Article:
“The inhabitants of small-town Hillsbottom are under siege: from high anxiety, toxic waste, carbon pollution, global warming, and (perhaps most of all) mystic furballs. Two profane aliens have landed and turned typical country small talk into something sinister. Is God watching? Does he care? Is God a he?

In the play that simultaneously won Mac Wellman an Obie Award and lost him favor with the National Endowment for the Arts, American consciousness is examined with a peculiar humor, imagination and honesty. In its inaugural production, Vernal & Sere Theatre Co. seeks to establish its mission of presenting imaginative, avant-garde theatre that makes no apologies and no concessions. Borrowing from the great Samuel Beckett, the company’s name suggests that it will focus on work both classical and new that straddles the line between sacred and profane, fertility and barrenness, life and death. Mac Wellman’s play, written in the early nineties, seems especially appropriate [in the aftermath of the] presidential cycle, [which found] political discourse exchanged for talking heads, argument for belligerence and humility for arrogance. Feeling as if, in reality, America has been visited by a kind of “furball”, VST presents Sincerity Forever with urgency and hilarity at the inaneness of it all.”


#TheatreThursday – “BReaTHe: 5-Minute Play Festival”

BReaTHe Flyer

WAJO Flyer

I’m not sure I have all of the right words…

This has been a rough week to say the LEAST. I’m happy to share and promote “BReaTHe: 5-Minute Play Festival”, presented by Karibu Performing Arts, LLC, as the place to be this upcoming Saturday, September 24th. I’m even happier to share that I will be serving as your host for the evening. “BReaTHe” is taking place in conjunction with another event: “I Love the African in Me”. Together, these two events create “Wa’jo (Come Together)”, which will be an evening of cultural education/exposure, food tasting and artistic expression! That being said,  I’m not AT ALL happy about the many reasons why we need this event and many more like it.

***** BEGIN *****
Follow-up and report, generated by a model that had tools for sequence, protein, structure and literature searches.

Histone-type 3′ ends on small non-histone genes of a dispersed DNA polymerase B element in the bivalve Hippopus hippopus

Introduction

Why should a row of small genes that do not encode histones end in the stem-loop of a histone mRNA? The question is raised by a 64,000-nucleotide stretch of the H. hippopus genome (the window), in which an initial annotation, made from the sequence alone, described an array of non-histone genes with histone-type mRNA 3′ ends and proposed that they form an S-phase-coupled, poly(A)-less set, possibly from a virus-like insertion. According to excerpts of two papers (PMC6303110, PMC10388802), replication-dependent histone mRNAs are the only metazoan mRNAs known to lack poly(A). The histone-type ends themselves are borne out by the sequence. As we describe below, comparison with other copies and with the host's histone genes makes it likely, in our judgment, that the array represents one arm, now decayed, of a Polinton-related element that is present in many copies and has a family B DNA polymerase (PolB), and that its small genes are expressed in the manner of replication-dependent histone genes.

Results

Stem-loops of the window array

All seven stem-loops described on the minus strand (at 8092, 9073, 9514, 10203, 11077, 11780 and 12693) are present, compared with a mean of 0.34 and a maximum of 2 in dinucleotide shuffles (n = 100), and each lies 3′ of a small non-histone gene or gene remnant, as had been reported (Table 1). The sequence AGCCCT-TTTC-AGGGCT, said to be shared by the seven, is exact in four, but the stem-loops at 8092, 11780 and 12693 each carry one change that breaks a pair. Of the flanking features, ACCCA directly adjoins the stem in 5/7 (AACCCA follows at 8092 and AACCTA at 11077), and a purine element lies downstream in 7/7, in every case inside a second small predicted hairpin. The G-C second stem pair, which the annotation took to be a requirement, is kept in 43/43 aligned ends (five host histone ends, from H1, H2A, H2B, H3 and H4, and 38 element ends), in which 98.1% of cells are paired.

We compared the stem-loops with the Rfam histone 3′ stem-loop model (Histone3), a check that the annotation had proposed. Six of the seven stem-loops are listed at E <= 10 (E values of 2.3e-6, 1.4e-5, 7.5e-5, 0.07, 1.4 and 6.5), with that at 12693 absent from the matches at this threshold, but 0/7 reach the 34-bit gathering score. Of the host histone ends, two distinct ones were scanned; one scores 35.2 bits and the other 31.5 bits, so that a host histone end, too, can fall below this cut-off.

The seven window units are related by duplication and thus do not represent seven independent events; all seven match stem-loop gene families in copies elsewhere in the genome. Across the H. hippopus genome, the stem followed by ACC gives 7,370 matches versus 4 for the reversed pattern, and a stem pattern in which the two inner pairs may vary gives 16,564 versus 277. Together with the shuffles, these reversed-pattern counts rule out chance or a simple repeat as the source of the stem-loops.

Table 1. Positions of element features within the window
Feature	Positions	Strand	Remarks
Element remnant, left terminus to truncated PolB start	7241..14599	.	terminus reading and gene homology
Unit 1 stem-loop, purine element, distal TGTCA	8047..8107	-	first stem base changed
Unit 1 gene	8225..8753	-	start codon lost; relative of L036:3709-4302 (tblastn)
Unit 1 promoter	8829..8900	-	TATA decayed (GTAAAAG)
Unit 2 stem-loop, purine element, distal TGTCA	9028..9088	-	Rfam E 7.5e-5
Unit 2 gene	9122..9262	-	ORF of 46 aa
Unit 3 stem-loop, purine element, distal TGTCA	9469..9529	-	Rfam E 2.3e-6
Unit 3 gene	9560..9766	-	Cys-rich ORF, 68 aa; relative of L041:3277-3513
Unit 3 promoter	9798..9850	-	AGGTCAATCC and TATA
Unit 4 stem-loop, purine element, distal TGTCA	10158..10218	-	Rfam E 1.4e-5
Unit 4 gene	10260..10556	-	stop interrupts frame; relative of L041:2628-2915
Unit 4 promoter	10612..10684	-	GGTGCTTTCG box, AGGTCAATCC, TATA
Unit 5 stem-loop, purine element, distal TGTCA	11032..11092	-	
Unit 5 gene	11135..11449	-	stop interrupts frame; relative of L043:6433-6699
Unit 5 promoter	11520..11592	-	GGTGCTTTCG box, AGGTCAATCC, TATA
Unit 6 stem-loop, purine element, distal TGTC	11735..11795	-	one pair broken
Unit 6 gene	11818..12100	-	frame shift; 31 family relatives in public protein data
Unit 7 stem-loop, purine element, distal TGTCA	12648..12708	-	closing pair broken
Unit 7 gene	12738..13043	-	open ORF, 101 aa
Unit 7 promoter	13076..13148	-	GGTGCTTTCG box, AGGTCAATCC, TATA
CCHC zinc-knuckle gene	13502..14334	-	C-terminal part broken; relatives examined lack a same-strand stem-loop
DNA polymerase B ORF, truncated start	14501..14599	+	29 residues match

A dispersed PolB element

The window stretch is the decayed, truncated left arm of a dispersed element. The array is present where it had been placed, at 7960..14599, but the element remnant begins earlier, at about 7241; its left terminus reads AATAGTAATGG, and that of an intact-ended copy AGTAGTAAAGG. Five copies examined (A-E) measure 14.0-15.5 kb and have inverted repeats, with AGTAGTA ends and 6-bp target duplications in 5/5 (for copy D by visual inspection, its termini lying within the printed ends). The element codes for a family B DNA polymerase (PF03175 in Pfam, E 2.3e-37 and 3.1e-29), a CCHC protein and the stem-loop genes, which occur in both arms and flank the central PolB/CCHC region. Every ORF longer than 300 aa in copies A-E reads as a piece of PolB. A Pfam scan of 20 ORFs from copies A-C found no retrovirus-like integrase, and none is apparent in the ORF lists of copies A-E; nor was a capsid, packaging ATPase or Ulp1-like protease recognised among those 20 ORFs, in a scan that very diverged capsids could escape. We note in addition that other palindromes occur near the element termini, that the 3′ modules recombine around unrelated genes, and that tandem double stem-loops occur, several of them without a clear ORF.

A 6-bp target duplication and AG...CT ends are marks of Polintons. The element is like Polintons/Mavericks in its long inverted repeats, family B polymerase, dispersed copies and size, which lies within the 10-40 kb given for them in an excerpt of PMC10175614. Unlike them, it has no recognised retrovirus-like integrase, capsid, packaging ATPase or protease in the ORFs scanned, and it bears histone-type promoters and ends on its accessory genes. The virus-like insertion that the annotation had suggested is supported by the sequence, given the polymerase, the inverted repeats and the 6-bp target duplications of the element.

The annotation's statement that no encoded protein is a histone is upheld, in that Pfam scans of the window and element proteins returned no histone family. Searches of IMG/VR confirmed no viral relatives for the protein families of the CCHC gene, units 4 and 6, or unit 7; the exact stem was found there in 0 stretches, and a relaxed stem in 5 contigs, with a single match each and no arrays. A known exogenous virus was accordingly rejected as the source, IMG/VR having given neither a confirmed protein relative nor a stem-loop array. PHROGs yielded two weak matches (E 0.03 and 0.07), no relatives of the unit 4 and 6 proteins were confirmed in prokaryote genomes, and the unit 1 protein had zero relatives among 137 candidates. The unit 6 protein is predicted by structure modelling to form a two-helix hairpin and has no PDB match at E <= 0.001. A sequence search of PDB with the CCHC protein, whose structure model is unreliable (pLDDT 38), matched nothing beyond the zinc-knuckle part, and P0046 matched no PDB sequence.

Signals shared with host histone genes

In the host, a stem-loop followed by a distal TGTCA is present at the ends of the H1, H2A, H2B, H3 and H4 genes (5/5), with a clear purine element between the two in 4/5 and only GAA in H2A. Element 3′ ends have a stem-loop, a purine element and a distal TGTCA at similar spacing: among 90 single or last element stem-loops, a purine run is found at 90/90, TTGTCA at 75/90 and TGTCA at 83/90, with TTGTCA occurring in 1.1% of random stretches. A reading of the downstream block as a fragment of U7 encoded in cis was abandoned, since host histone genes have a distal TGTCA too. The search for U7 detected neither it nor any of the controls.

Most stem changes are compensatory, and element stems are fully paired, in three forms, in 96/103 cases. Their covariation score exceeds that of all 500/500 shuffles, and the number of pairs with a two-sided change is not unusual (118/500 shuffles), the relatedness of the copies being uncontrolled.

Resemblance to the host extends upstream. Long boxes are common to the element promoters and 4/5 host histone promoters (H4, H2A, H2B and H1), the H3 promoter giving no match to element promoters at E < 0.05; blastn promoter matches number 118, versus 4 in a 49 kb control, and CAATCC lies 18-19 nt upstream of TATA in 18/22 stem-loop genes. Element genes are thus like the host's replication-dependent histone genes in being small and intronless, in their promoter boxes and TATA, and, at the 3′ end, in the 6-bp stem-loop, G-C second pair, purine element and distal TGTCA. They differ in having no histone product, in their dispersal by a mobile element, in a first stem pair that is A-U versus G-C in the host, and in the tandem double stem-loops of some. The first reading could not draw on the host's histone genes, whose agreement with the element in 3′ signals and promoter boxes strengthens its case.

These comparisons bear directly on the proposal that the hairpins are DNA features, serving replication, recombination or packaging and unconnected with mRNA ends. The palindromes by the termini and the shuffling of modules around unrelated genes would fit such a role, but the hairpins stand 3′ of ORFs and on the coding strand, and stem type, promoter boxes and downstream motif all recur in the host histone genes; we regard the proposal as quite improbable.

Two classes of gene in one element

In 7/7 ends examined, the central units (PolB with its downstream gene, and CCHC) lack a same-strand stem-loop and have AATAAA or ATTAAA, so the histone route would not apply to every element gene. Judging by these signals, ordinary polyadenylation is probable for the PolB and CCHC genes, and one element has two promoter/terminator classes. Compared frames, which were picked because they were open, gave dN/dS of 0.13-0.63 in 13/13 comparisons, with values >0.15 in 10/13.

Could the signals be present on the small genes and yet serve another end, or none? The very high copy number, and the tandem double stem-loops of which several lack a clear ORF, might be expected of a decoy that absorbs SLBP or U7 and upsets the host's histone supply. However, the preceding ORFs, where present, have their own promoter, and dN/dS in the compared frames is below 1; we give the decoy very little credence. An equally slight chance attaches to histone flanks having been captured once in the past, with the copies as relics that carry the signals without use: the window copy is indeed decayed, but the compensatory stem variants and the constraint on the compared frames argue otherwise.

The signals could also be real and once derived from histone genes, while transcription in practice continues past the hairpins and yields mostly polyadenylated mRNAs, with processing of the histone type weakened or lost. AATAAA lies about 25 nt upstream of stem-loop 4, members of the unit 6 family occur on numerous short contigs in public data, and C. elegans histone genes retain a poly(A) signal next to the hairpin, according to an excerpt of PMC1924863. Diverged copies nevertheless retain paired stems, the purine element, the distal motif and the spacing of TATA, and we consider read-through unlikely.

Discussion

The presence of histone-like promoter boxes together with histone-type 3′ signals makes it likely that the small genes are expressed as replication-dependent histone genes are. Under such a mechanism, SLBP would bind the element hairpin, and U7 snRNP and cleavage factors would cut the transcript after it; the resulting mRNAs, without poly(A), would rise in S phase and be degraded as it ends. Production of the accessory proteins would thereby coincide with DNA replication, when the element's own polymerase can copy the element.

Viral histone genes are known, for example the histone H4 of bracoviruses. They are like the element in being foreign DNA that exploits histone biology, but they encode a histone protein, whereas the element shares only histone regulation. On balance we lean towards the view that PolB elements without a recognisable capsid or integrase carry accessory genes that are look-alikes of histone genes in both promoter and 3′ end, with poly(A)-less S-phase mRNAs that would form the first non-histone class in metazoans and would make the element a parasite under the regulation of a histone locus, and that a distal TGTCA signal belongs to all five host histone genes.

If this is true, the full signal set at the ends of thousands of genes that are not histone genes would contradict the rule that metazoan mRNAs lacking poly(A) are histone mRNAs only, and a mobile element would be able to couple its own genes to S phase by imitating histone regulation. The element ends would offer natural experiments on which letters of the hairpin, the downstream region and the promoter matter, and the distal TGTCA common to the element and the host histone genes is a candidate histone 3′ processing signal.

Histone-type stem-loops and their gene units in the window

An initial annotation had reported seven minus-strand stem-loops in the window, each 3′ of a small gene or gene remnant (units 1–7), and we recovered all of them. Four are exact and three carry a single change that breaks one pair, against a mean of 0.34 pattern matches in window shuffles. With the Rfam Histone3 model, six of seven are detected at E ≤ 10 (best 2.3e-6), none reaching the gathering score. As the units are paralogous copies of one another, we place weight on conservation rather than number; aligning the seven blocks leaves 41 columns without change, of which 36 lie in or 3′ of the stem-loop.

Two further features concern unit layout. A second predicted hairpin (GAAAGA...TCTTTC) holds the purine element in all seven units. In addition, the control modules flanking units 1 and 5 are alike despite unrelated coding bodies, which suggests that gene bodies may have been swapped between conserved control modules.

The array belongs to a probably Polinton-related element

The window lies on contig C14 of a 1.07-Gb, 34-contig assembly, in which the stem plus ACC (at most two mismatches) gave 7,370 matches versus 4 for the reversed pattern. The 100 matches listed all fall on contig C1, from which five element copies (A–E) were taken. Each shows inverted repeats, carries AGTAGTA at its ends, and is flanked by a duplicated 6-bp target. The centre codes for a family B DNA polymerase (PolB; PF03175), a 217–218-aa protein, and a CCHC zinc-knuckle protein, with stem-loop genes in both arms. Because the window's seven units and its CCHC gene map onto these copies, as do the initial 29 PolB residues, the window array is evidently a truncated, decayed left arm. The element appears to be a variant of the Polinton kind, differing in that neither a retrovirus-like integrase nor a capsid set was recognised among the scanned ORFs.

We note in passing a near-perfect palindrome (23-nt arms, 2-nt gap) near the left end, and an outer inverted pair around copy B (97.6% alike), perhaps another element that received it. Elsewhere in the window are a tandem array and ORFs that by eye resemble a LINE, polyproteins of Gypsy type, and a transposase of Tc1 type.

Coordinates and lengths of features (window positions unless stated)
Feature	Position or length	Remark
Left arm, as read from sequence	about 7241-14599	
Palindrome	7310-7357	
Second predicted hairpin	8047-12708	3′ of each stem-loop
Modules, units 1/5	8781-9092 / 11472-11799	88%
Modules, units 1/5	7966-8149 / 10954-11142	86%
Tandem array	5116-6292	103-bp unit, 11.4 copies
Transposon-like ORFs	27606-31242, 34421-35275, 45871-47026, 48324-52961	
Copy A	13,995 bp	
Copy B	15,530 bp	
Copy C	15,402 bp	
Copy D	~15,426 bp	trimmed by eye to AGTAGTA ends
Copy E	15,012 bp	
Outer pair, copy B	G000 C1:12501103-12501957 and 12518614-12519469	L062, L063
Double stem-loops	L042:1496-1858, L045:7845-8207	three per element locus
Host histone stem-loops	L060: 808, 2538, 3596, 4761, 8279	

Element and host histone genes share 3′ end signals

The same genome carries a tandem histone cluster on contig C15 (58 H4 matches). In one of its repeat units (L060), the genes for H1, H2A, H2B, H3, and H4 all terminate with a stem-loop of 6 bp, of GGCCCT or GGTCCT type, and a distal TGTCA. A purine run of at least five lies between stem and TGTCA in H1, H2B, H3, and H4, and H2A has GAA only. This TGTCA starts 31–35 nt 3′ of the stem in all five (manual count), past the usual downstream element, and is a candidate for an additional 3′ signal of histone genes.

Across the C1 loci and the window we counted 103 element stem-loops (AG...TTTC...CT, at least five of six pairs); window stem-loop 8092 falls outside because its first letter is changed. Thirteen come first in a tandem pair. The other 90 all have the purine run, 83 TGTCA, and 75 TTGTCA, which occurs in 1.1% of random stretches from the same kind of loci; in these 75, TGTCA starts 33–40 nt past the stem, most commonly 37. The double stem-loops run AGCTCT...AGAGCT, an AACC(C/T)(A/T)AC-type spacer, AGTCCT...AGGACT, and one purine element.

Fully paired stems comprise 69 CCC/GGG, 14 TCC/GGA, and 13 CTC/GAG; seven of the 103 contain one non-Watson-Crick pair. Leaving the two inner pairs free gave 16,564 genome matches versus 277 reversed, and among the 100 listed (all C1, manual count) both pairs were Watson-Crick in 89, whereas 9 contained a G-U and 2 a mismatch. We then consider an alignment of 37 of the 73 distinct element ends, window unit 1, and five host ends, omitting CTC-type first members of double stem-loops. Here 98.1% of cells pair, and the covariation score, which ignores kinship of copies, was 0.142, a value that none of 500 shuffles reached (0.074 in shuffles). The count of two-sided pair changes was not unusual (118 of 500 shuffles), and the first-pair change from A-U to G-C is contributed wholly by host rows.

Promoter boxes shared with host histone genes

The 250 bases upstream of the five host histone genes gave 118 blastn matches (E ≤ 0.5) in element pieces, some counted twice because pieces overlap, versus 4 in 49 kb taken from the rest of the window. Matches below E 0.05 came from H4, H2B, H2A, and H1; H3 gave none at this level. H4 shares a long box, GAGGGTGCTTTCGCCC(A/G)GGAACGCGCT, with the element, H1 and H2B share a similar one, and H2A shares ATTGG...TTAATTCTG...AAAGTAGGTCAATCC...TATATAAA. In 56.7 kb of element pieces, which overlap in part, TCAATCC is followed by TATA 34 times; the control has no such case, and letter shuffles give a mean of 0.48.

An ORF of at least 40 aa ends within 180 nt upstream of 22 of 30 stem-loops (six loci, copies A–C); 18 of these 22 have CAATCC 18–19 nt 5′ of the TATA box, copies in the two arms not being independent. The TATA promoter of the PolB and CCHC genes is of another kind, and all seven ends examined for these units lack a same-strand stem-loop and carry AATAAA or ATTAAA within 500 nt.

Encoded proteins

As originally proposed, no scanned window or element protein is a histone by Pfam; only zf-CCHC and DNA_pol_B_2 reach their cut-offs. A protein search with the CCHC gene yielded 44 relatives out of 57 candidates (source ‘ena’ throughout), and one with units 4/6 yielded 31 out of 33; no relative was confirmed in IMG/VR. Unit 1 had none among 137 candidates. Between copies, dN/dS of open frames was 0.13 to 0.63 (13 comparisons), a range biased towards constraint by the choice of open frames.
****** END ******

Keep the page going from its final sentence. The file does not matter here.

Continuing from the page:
I wrote a status on my personal Facebook page on Tuesday, September 21st after hearing of Terence Crutcher’s brutal, unnecessary, heartless and completely unprompted MURDER at the hands of MURDERER, police officer, Betty Shelby. I am heartbroken like so many other people across this nation. We have lost another UNARMED Black man at the hands of someone who was supposedly appointed to “protect and serve”. Hmph.

Just Breathe

I can’t find all of the necessary words right now, so I feel it best to share an excerpt from my Facebook status to describe my feelings about the state of “our nation” and this very necessary upcoming event. Find the excerpt below:

“I’m SO tired. I am… And at the same time, as exhausting as it is to be BLACK & BEAUTIFUL in this country, I wouldn’t want to be anything but who and what I am. We really are LIT, y’all. That’s why so many people keep trying to dim and extinguish our GLOW. But, I digress. We all need an outlet. Right?! As an artist/activist (#Artivist), I am honored to have been asked to serve as host for “BReaTHe: 5-Minute Play Festival”, which is taking place this Saturday, Sept. 24th from 7pm-9pm at The Performance Factory (3220 Butner Rd. Atlanta, GA 30331). These stories were written FOR Black people and BY Black artists for the purpose of highlighting the issues that Black/African people have been tackling since our ancestors were brought to this country by FORCE hundreds of years ago. Since then, so many of our beautiful brothers and sisters have taken their last breath as a result of this country’s teachings, social conditioning and ideologies. For those of us still breathing, sometimes the pain and post-traumatic effects can be overwhelming. It’s hard to catch our breath. But we have to… with every breath we are blessed to take we have to#SayTheirNames and #BReaTHe for them. For their stories. For their families. For their memories. Atlanta, join us on Saturday night. #BReaTHe with us! We all need it. #ArtsActivismTNSA #BlackLivesMatter The fight continues… Onward.”

Click HERE for more information => “BReaTHe: 5-Minute Play Festival”


Artist Highlight – Candis Jones

Candis Jones

Candis Jones

 Candis C. Jones (@candiscjones)

Theatre Director/Devised Artist

  1. Are you currently working a day job? No. I am the founder of Theater Yin Yin, a multidisciplinary theater collaborative based in New York City.